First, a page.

The expectation of being subjected to obstetric violence shapes healthcare-seeking behaviours and has life-and-death consequences for mothers and infants. There is less evidence available for obstetric violence in the private sector, but high rates of Caesarean section indicate that all is not well in this sphere either. 

Who must be held accountable for this abuse and mistreatment? 

We know workplace conditions are difficult for healthcare workers in the public sector, with burnout, lack of staff, low remuneration, lack of basic equipment and bullying. Obstetric violence flourishes in such conditions. While individual perpetrators of violence need to be held to account, it must be emphasised that a culture of violence around birth is not the result of individual “bad apples” in the system. It is the system more broadly that is toxic. As a result, addressing obstetric violence requires a multidimensional approach, including targeted reform to medical and midwifery training (towards curriculums that emphasise more humane and respectful maternity care), legal interventions (such as recognising obstetric violence as a legal concept), robust and accountable complaint mechanisms, social campaigns to raise public awareness of birthing and reproductive rights, and the eradication of the patriarchal, racist and discriminatory attitudes that are often embedded in obstetric medicine more broadly.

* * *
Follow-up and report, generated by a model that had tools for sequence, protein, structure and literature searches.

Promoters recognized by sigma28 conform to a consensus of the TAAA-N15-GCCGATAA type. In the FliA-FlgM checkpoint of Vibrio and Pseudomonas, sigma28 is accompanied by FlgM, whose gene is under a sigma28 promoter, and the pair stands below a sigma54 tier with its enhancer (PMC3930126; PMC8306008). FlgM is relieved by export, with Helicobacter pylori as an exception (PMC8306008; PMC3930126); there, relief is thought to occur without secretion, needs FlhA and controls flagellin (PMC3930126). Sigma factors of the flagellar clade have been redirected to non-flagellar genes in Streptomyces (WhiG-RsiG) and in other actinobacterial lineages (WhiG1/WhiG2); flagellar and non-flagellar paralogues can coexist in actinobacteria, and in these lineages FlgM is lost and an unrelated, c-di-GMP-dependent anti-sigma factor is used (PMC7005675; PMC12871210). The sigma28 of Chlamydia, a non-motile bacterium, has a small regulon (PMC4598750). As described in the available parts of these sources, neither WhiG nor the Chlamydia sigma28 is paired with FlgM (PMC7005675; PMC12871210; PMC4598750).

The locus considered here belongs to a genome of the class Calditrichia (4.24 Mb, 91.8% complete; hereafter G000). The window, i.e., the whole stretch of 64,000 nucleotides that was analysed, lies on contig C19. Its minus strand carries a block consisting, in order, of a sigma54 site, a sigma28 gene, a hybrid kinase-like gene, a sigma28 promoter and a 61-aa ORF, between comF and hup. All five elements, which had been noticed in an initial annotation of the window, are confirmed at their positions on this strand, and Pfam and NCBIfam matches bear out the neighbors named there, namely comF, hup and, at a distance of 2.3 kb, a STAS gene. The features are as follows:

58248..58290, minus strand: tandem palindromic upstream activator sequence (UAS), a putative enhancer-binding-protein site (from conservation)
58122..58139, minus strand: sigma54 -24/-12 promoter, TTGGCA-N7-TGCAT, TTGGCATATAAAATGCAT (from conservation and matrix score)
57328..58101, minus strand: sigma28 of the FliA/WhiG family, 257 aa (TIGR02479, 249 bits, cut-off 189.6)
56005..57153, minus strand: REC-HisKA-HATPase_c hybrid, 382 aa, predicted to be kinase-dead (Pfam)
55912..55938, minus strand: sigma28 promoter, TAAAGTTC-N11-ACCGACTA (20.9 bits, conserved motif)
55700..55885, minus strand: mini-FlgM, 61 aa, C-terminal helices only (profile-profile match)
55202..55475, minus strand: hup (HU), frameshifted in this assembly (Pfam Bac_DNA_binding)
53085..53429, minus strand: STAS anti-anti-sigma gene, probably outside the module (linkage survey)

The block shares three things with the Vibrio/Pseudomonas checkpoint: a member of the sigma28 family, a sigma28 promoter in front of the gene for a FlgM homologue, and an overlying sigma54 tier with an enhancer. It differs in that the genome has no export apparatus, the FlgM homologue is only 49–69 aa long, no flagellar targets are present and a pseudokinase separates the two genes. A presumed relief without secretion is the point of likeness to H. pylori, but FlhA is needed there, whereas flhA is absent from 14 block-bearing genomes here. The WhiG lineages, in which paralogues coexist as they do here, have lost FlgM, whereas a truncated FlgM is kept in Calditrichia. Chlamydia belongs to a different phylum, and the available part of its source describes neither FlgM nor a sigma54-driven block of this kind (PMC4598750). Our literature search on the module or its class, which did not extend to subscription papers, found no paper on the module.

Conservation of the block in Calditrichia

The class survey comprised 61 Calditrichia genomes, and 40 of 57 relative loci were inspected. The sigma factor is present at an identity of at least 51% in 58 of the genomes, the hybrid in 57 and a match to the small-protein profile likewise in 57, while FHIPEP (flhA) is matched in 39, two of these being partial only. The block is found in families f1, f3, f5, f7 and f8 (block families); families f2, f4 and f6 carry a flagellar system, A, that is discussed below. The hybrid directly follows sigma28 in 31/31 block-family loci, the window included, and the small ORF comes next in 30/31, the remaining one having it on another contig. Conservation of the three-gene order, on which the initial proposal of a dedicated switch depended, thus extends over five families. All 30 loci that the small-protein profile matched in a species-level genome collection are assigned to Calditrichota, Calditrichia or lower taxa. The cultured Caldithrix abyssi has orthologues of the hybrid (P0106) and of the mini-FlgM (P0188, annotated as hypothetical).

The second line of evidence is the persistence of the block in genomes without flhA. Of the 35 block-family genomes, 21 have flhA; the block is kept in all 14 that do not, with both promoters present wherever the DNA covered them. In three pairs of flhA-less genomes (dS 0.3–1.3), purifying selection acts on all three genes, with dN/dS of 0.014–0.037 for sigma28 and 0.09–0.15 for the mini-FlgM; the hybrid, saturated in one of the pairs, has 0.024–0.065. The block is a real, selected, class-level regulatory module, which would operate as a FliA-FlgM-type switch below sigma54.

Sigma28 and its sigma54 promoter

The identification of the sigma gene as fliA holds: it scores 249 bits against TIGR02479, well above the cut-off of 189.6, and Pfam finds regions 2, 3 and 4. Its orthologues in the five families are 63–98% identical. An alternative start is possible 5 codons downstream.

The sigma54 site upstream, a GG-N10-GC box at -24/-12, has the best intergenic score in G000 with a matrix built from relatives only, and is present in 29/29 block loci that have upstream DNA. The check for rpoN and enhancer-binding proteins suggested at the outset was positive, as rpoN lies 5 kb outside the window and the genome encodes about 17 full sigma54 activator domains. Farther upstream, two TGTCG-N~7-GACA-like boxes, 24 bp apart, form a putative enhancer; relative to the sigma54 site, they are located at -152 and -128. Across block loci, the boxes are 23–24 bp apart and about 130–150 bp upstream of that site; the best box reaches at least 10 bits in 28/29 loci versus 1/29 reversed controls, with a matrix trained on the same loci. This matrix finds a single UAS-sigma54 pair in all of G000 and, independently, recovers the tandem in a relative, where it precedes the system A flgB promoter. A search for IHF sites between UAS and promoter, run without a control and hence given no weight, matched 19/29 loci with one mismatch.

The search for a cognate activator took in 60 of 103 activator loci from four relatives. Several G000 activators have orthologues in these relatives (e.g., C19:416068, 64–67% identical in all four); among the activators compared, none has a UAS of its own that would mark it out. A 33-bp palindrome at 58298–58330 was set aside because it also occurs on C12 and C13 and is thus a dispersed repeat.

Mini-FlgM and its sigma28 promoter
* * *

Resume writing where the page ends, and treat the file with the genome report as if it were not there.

Multipronged and imaginative efforts are needed to transform cultures of obstetric and maternal healthcare away from violence, hierarchies, punishment, coercion and discrimination and towards establishing relations of care characterised by respect, dignity, inclusivity and autonomy. 

We have known about the widespread mistreatment of birthing persons in South African healthcare facilities since the late 1990s but very little has been done about it. (Photo: humanrightsincontext.be/Wikipedia)